Suggestions have been invited from the public on the proposed Cybersecurity Bill to strengthen cybersecurity in Singapore. The public consultation exercise has started from today and will continue till August 3.
The proposed new law will override existing laws, such as Banking Secrecy Act, and establish a framework to manage cyber security in Singapore as well as allow the Cyber Security Agency (CSA) to carry out its functions.
The Bill will also provide CSA with powers to manage and respond to cybersecurity threats and incidents.
It will also establish a framework for the sharing of cybersecurity information with and by CSA officers, and the protection of such information. CSA officers will be able to receive and share information with relevant parties, for the purpose of preventing, detecting, countering or investigating any cybersecurity threat or incident.
Stressing the need for sprucing up the cybersecurity landscape through a press release, CSA said, “Cyber-attacks are getting increasingly frequent, sophisticated and impactful. Globally, we have also seen a surge in the number of cybersecurity incidents, such as ransomware, cyber theft, banking fraud, cyber espionage and disruptions to Internet services. In Singapore, the recent Advanced Persistent Threat (APT) attacks targeting two of our universities, and the occurrence of the global WannaCry and Petya/Petna malware attacks which also reached our shores, serve as stark reminders of Singapore’s vulnerability to cyber threats.”
It added, “Around the world, attacks on systems that run utility plants, transportation networks, hospitals and other essential services are growing. Successful attacks can and have resulted in significant financial losses and disruptions to daily lives. Hence, the protection of our Critical Information Infrastructure (CIIs) which are necessary for the continuous delivery of Singapore’s essential services is a cornerstone of the proposed Bill.”
Owners of critical information infrastructure (CII), defined as computer systems necessary for the continuous delivery of essential services, will have certain statutory duties, such as reporting cyber-attacks involving the CIIs, as well as carrying out audits, risk assessments and participating in cyber security exercises.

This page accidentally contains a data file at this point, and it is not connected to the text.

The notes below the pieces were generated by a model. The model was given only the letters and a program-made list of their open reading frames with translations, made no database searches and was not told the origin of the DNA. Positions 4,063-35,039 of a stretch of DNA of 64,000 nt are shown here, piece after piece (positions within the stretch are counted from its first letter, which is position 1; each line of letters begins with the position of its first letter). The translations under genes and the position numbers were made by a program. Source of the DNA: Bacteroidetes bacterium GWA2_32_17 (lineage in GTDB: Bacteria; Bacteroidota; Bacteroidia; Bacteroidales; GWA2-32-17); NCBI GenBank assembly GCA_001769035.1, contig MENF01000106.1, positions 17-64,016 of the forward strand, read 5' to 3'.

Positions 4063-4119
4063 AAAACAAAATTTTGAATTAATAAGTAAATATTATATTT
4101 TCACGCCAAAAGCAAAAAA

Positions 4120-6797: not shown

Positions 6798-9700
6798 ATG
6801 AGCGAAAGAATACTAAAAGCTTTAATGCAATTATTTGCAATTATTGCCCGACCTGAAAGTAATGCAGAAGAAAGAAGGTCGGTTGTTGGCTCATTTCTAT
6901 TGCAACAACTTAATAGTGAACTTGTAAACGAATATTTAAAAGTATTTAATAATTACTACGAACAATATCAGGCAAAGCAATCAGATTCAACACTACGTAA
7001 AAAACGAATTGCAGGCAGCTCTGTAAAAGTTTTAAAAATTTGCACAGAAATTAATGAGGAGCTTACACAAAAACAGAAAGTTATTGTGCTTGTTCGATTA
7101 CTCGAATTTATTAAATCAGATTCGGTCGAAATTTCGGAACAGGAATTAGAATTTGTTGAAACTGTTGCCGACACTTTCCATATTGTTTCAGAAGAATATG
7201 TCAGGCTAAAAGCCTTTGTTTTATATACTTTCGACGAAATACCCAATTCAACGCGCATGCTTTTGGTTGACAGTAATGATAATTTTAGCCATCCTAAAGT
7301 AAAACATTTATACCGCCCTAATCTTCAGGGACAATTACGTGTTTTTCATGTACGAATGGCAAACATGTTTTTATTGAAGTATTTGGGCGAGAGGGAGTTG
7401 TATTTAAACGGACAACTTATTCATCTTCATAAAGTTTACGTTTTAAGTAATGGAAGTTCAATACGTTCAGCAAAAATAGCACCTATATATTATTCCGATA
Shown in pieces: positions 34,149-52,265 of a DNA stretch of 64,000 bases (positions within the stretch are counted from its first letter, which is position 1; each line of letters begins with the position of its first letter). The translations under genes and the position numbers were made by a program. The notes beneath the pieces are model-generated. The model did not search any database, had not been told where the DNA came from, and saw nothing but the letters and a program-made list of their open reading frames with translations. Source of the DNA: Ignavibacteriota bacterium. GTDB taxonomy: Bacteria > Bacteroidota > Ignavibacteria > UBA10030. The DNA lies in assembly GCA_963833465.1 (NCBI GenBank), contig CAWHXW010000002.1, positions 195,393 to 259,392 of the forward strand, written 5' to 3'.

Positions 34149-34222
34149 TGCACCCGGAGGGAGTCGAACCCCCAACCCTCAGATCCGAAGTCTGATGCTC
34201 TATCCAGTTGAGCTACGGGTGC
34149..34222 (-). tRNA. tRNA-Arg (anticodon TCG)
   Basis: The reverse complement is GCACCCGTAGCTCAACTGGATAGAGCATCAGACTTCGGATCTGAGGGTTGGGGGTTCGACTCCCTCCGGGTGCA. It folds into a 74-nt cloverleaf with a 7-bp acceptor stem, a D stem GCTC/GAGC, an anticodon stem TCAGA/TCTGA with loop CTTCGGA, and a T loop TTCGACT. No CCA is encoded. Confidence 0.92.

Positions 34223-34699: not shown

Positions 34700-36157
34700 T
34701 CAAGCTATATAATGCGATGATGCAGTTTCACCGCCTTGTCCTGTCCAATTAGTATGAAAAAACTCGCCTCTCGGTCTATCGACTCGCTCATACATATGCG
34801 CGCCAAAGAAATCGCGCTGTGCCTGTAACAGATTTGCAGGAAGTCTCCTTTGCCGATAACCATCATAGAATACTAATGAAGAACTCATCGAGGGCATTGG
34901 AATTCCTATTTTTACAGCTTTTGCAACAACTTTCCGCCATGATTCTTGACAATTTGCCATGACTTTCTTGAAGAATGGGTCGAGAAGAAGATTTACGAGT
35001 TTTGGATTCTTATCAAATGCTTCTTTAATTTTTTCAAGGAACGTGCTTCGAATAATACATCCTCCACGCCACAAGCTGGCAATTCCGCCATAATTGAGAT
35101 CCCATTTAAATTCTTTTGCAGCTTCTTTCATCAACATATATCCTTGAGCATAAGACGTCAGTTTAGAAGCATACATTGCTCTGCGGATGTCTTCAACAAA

It added, “New cybersecurity legislation is needed so that we can take pro-active measures to protect our CIIs, respond expediently to cyber threats and incidents and facilitate sharing of cybersecurity information across critical sectors.”
The proposed cybersecurity bill has the objective to provide a framework for the regulation of CII owners (CIIOs). It formalises the duties of CIIOs in ensuring the cybersecurity of CIIs under their responsibility, even before a cybersecurity incident has occurred. The CIIOs’ responsibilities in protecting their respective CIIs will be spelt out, and the Act will also empower sector leads to raise the level of cybersecurity within their own sectors.
The Bill also proposes licensing the provision of penetration testing and managed security operations centre (SOC) services. The proposed licensing framework aims to help provide greater assurance of safety and security to consumers of cybersecurity services, address information asymmetry in the industry and provide for improving the standards of cybersecurity service providers and professionals.
The public consultation paper and procedures for submission of feedback are available on the REACH public consultation portal at www.reach.gov.sg and CSA’s website at www.csa.gov.sg from today. Public may provide feedback to email@example.com